'Make America Safe Again' Is Monday's Theme at the Republican National Convention

Workers carry balloons in the Quicken Loans Arena, where the Republican National Convention kicks off Monday in Cleveland. Rick Wilking/Reuters

"Make America Safe Again" is the day's theme as the Republican National Convention kicks off Monday afternoon. Speeches by Donald Trump's wife, Melania, and survivors of the 2012 attack at the U.S. Consulate in Benghazi, Libya, are expected to be among the highlights of the first day.

The four-day convention centers around the presumptive GOP nominee's "Make America Great Again" slogan. Campaign manager Paul Manafort said the convention will show a "very personal" side of Trump.

"You are going to see how he is taking care of people who, you know, he just meets through newspaper stories he reads about and has that sense of community and sense of philanthropy," Manafort said Sunday on CBS News's Face the Nation. "So you are going to get a broader perspective of the man."

The Monday speakers are expected to focus on two main points of the New York billionaire's campaign, national security and immigration, according to a schedule released Sunday. Mark Geist and John Tiegen, who survived the Benghazi attack, and Pat Smith, the mother of a victim, are slated to speak Monday. Four Americans died in the incident, which occurred while Hillary Clinton was secretary of state. Now, of course, as the Democrats' presumptive nominee, she is in line to face off against Trump in the November general election. Clinton faced widespread criticism from opponents in the wake of the attack, but the Republicans' Benghazi panel last month ended its investigation with no new evidence of wrongdoing.

The following is a list of Monday's prime-time speakers, who will address the crowd after the business session.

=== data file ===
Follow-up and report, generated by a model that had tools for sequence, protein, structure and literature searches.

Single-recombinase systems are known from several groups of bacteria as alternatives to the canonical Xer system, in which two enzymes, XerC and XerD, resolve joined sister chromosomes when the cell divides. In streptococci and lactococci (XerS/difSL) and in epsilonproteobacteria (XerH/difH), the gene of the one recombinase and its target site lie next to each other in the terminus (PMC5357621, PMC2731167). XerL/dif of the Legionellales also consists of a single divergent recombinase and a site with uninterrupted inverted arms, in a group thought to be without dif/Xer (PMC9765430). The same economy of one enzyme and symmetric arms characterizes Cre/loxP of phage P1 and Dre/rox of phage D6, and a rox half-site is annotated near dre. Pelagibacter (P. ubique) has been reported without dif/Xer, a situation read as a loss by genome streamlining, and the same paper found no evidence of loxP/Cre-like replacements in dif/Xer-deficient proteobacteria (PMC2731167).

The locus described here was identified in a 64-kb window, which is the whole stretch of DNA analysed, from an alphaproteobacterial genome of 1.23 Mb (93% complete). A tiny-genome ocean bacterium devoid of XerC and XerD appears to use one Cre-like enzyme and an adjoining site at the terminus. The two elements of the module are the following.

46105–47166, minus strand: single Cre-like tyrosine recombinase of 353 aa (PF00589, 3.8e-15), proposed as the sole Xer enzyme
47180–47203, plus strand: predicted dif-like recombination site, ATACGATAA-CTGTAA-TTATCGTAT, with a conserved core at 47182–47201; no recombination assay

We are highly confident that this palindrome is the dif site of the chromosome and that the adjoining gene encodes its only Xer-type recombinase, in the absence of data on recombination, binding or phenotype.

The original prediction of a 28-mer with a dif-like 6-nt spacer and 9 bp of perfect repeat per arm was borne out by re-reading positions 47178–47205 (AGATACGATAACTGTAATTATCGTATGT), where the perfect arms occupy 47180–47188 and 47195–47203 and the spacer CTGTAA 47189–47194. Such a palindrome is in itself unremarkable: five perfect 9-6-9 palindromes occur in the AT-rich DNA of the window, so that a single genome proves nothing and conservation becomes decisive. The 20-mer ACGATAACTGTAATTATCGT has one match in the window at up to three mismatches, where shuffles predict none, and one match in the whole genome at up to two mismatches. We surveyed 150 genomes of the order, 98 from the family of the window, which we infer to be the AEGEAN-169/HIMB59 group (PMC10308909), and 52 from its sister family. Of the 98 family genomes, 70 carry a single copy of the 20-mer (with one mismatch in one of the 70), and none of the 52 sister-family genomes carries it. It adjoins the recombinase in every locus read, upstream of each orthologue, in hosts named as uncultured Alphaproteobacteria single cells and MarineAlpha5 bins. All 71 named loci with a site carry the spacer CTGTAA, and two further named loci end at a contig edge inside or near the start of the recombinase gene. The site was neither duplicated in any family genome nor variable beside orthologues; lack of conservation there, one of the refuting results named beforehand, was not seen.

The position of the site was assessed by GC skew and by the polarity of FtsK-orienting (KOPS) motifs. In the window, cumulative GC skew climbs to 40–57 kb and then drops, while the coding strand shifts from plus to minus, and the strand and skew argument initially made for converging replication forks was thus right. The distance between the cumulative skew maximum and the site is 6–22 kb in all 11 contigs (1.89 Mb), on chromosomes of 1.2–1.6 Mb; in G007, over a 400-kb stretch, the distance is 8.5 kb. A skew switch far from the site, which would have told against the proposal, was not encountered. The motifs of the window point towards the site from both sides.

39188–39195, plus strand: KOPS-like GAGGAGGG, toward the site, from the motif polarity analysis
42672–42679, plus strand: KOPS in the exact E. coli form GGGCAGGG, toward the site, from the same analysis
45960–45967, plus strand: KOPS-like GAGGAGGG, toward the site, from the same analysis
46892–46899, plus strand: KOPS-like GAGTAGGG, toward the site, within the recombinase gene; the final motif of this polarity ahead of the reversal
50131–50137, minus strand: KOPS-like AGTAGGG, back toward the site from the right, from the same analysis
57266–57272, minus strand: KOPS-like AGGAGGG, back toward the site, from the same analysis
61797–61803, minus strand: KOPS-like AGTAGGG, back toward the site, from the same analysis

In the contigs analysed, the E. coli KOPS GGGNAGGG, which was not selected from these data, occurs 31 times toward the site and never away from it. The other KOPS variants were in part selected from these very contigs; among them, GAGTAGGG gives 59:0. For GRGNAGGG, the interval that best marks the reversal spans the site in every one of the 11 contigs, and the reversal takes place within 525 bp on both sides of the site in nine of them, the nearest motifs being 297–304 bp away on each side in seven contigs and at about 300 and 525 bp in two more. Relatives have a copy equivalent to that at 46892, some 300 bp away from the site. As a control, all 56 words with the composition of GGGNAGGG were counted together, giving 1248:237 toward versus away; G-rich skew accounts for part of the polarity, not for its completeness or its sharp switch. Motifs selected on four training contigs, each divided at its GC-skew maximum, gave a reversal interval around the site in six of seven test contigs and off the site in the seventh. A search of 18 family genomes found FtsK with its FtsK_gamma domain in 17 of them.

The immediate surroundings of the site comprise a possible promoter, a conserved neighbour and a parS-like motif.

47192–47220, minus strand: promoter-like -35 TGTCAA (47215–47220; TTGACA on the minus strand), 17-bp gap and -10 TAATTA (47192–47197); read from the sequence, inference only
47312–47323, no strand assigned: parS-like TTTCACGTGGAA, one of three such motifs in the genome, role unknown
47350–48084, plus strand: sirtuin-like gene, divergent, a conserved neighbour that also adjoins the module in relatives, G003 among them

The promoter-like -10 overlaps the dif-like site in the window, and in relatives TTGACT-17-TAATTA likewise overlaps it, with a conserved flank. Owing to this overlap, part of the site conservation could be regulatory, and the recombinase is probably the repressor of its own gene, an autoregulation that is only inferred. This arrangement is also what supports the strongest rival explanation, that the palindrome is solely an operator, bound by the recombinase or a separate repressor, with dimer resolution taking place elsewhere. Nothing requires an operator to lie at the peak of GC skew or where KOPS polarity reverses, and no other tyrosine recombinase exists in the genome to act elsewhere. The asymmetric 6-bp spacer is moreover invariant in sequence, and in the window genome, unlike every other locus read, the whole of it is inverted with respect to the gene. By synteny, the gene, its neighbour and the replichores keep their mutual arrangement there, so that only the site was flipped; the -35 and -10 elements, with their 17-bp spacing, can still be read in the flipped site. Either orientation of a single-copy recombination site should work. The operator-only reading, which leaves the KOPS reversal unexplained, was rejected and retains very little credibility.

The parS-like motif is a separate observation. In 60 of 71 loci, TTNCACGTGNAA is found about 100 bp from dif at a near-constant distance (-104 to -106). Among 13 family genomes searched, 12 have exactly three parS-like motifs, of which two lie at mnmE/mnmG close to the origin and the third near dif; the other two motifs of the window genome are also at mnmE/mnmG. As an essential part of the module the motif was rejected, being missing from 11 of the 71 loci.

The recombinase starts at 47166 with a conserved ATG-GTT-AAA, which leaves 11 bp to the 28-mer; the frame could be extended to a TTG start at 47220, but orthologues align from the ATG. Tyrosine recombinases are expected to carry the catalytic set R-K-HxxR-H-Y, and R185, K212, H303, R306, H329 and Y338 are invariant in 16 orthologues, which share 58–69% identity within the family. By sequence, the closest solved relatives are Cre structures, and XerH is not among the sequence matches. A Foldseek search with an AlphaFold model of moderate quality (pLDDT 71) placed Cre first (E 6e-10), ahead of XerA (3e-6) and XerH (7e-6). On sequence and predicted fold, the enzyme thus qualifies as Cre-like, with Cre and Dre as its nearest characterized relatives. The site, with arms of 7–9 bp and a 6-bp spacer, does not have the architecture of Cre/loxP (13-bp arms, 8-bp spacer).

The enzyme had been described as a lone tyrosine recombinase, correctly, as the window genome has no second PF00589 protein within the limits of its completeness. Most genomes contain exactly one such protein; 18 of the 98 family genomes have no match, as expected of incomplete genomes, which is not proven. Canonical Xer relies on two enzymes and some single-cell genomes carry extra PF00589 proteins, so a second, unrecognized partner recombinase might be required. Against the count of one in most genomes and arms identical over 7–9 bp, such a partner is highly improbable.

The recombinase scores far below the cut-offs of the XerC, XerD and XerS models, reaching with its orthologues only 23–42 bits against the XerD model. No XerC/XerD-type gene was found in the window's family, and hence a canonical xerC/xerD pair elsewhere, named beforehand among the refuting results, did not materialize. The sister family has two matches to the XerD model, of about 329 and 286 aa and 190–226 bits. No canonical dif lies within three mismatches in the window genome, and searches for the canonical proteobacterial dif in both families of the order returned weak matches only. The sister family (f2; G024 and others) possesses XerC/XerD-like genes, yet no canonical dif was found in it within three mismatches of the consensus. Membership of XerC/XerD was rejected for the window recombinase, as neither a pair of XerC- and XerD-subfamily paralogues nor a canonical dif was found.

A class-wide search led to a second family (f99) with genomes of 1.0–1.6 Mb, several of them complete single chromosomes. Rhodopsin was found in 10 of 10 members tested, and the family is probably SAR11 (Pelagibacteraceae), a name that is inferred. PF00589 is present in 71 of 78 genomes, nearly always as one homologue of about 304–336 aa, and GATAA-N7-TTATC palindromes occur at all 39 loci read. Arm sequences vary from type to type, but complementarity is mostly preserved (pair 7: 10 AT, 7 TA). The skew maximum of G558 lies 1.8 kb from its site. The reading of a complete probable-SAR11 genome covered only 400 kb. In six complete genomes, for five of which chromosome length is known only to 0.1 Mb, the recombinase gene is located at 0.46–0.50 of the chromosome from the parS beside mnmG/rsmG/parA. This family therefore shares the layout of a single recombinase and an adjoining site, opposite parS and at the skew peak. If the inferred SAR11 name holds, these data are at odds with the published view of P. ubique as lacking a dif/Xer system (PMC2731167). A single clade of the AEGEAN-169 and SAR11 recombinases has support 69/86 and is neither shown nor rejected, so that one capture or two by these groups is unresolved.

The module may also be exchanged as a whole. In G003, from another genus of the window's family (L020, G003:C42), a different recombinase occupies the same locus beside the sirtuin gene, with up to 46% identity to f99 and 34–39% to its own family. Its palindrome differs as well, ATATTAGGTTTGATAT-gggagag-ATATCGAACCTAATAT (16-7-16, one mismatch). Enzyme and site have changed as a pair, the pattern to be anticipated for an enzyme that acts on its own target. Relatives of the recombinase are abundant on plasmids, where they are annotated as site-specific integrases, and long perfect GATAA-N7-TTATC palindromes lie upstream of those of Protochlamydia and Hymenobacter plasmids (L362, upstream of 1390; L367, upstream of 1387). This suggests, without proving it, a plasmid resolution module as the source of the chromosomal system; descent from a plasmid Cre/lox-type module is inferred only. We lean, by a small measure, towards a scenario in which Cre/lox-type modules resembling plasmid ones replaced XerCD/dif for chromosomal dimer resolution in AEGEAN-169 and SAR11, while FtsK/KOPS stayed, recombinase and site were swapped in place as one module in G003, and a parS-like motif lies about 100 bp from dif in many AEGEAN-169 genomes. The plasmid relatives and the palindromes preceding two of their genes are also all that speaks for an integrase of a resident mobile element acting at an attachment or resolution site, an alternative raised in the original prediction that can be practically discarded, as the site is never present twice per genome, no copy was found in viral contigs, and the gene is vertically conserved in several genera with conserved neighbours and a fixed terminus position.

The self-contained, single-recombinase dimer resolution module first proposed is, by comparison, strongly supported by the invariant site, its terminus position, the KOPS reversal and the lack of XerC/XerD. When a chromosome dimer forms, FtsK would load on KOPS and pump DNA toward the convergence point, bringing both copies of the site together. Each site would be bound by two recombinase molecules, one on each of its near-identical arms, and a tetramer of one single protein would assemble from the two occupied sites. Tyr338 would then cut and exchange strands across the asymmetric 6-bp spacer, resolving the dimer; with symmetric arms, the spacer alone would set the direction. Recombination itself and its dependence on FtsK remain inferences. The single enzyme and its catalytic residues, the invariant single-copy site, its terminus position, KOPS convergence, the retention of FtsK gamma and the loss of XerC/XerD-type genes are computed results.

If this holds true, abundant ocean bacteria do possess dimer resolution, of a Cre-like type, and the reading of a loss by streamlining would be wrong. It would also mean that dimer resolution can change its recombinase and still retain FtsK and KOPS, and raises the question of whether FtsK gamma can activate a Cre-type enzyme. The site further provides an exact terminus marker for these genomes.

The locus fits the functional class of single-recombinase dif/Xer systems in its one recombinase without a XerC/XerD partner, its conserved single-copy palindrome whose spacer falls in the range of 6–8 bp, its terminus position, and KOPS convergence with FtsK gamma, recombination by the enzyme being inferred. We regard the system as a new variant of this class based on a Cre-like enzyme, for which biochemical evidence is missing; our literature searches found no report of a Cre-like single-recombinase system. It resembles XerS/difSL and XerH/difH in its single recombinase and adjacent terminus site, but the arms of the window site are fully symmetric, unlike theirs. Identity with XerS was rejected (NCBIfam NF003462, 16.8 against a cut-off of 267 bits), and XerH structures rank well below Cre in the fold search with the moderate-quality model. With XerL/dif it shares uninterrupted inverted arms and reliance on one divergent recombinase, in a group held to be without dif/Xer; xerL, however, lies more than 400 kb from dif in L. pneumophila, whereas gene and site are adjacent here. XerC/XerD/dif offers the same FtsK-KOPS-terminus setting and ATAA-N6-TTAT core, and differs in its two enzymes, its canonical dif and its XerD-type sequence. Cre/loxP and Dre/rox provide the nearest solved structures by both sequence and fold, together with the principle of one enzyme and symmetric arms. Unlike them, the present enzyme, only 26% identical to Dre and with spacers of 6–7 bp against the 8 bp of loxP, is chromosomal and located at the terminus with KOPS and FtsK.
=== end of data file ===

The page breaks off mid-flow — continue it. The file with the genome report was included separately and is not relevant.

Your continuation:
Willie Robertson, chief executive officer of Duck Commander and Buck Commander and star of Duck Dynasty

Rick Perry, former governor of Texas

Marcus Luttrell, U.S. Navy SEAL

Scott Baio, actor and TV producer

Pat Smith, mother of Benghazi victim Sean Smith

Mark Geist, U.S. Marine Corps veteran who fought in Battle of Benghazi

John Tiegen, U.S. Marine Corps veteran who fought in Battle of Benghazi

Kent Terry and Kelly Terry-Willis, the Brian Terry Foundation

Antonio Sabato, Jr., actor

Mary Ann Mendoza, immigration reform advocate

Sabine Durden, immigration reform advocate

Jamiel Shaw, immigration reform advocate

U.S. Representative Michael McCaul (R-Texas)

David Clarke, Sheriff of Milwaukee County

U.S. Representative Sean Duffy (R-Wisconsin)

Rachel Campos Duffy, the LIBRE Initiative

Darryl Glenn, El Paso County commissioner

U.S. Senator Tom Cotton (R-Arkansas)

Karen Vaughn, mother of fallen U.S. Navy SEAL

U.S. Senator Jeff Sessions (R-Alabama)

Rudy Giuliani, former mayor of New York City

Melania Trump, businesswoman and Trump's wife

Lt. Gen. Michael Flynn, U.S. Army (retired)

U.S. Senator Joni Ernst (R-Iowa)

Jason Beardsley, Concerned Veterans for America

U.S. Representative Ryan Zinke (R-Montana)

A few of the scheduled speakers have dropped out since the RNC released its initial list last week. Rabbi Haskel Lookstein, who converted Trump's eldest daughter, Ivanka, to Judaism, has backed out of delivering the opening prayer at the convention. And Tim Tebow, a retired NFL quarterback who has often made his religious views public, said he won't address the convention, despite multiple media reports previously saying otherwise. But Wisconsin Senator Ron Johnson, who is running in a tight re-election race, was added to the week's lineup in an updated list that was released Sunday.

The week's other themes include "Make America Work Again," "Make America First Again" and "Make America One Again." Police are on high alert in Cleveland, as the first day of the convention follows closely Sunday's shooting attack in Baton Rouge, Louisiana that left three police officers dead and three others injured. That attack came a week after a sniper fatally shot five officers in Dallas soon after two black men were killed during altercations with police officers, in Baton Rouge and Minneapolis, Minnesota.

Each day's convention session starts at a different time; Monday began at 1 p.m. at the Quicken Loans Arena. Viewers can tune in from home through several different platforms. Both C-Span and CNN are offering 24-hour coverage, and the major news networks will focus on the convention each night during prime-time. Twitter and CBS News have partnered to livestream the event on desktop and mobile apps. PBS and NPR will provide live coverage from 8 p.m. to 11 p.m. Eastern time. The mobile app, called RNC 2016, also will livestream the speeches and broadcast 360-degree videos.